3.2 Project Questions
This section includes questions that can be used to evaluate the F-35 project. The questions listed focus on the management, production, and problems associated with the F-35 and Joint Strike Fighter program. Several sources were used to generate the questions and research about the program that are listed in the Works Cited section. The Congressional Research Service generated a comprehensive report in 2014 over the F-35 Joint Strike Fighter Program that includes information about the program management and costs associated with the program.
1. Why was the initial X-35 design selected over Boeing’s X-32 aircraft in the Joint Strike Fighter program? 2. How is the Joint Strike program managed? 3. What new and innovative technology is included in the F-35? 4. How is the F-35 assembled and who are the suppliers for the aircraft? 5. What are the production and procurement costs for the F-35? 6. Who is funding the F-35 project? Who are the global partners? 7. What are the development costs for the project to date? 8. What is the production plan for the F-35? How many planes does Lockheed plan to build? 9. What contributed to the program cost overruns and delays? 10. What are some of the performance problems and issues that the F-35 has encountered? 4.0 Performance Phase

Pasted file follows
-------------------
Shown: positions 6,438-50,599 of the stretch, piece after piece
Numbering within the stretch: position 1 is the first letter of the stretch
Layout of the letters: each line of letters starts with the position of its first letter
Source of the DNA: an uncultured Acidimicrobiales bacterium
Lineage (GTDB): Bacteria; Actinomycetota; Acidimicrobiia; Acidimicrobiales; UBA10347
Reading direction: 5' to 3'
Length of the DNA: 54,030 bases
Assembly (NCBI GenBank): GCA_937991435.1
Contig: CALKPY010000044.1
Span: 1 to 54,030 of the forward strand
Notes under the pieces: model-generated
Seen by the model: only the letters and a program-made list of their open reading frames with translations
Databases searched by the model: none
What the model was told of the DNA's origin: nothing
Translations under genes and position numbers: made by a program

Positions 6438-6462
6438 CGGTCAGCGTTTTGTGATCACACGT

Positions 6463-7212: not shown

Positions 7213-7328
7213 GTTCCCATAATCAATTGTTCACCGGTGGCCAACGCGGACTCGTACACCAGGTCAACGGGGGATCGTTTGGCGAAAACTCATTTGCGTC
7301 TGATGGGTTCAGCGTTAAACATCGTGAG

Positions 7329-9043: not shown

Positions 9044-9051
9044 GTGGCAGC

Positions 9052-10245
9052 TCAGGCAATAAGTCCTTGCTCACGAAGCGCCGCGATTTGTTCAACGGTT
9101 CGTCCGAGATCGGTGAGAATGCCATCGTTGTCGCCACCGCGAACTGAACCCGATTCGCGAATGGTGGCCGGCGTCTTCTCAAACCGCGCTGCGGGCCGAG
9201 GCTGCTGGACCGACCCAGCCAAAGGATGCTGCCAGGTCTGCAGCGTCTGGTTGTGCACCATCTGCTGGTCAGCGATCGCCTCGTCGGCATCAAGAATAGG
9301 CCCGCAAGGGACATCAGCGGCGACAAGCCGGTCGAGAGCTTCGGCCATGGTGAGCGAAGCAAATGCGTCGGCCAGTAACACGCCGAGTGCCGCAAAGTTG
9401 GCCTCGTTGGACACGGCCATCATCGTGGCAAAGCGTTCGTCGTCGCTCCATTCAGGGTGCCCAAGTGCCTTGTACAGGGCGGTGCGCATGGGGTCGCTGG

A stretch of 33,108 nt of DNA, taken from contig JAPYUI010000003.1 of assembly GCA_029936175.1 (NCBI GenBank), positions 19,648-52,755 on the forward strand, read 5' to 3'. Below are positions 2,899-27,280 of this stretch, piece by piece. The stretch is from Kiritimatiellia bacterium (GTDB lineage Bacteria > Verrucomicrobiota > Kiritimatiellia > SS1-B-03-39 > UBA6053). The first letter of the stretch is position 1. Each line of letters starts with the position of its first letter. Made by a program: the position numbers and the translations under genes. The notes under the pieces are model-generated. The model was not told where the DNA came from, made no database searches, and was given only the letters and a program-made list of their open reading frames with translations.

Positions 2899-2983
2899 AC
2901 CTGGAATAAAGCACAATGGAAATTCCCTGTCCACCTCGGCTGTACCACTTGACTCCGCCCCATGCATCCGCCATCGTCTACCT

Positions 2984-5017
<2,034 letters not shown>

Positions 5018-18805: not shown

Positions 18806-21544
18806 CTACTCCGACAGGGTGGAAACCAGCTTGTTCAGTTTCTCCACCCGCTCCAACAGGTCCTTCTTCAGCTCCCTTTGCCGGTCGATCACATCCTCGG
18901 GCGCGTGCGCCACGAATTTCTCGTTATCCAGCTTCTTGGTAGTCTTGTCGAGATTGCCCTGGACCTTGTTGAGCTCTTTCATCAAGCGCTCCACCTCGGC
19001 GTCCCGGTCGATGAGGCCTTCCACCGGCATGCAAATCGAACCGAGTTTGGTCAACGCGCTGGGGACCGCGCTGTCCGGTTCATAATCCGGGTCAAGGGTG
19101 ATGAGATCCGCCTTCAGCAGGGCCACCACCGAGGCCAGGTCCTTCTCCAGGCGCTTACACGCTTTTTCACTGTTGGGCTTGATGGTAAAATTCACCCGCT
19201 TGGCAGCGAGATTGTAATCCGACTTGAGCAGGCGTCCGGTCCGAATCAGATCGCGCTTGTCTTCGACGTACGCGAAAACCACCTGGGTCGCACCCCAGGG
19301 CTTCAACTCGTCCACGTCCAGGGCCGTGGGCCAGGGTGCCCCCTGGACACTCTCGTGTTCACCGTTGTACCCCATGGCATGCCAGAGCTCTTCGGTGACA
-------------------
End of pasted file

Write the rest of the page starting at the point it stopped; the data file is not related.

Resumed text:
4.1 Project Performance Overview
In 2003, manufacturing of parts for the first F-35 prototype began. The first flight of the A variant plane occurred 3 years later in December 2006 and the plane has been in production since that time. As of November 2016, just over 180 F-35s have been built and sent to customers. The F-35 B variant was the first to enter service in the Marine Corps in 2015. In August of 2016, the F-35 A was introduced in the Air Force and the C variant is planned to be introduced in the Navy by 2018. The F-35 is currently in Low Rate Initial Production (LRIP) and is incrementally transitioning to full rate production by 2020. The program has been under scrutiny for several cost overruns and delays that have occurred throughout the course of the program. However, as Lockheed transitions to full rate production, the unit costs for the planes will begin to decrease.
4.2 Project Question Answers
1. Why was the initial X-35 design selected over Boeing’s X-32 aircraft in the Joint Strike Fighter program?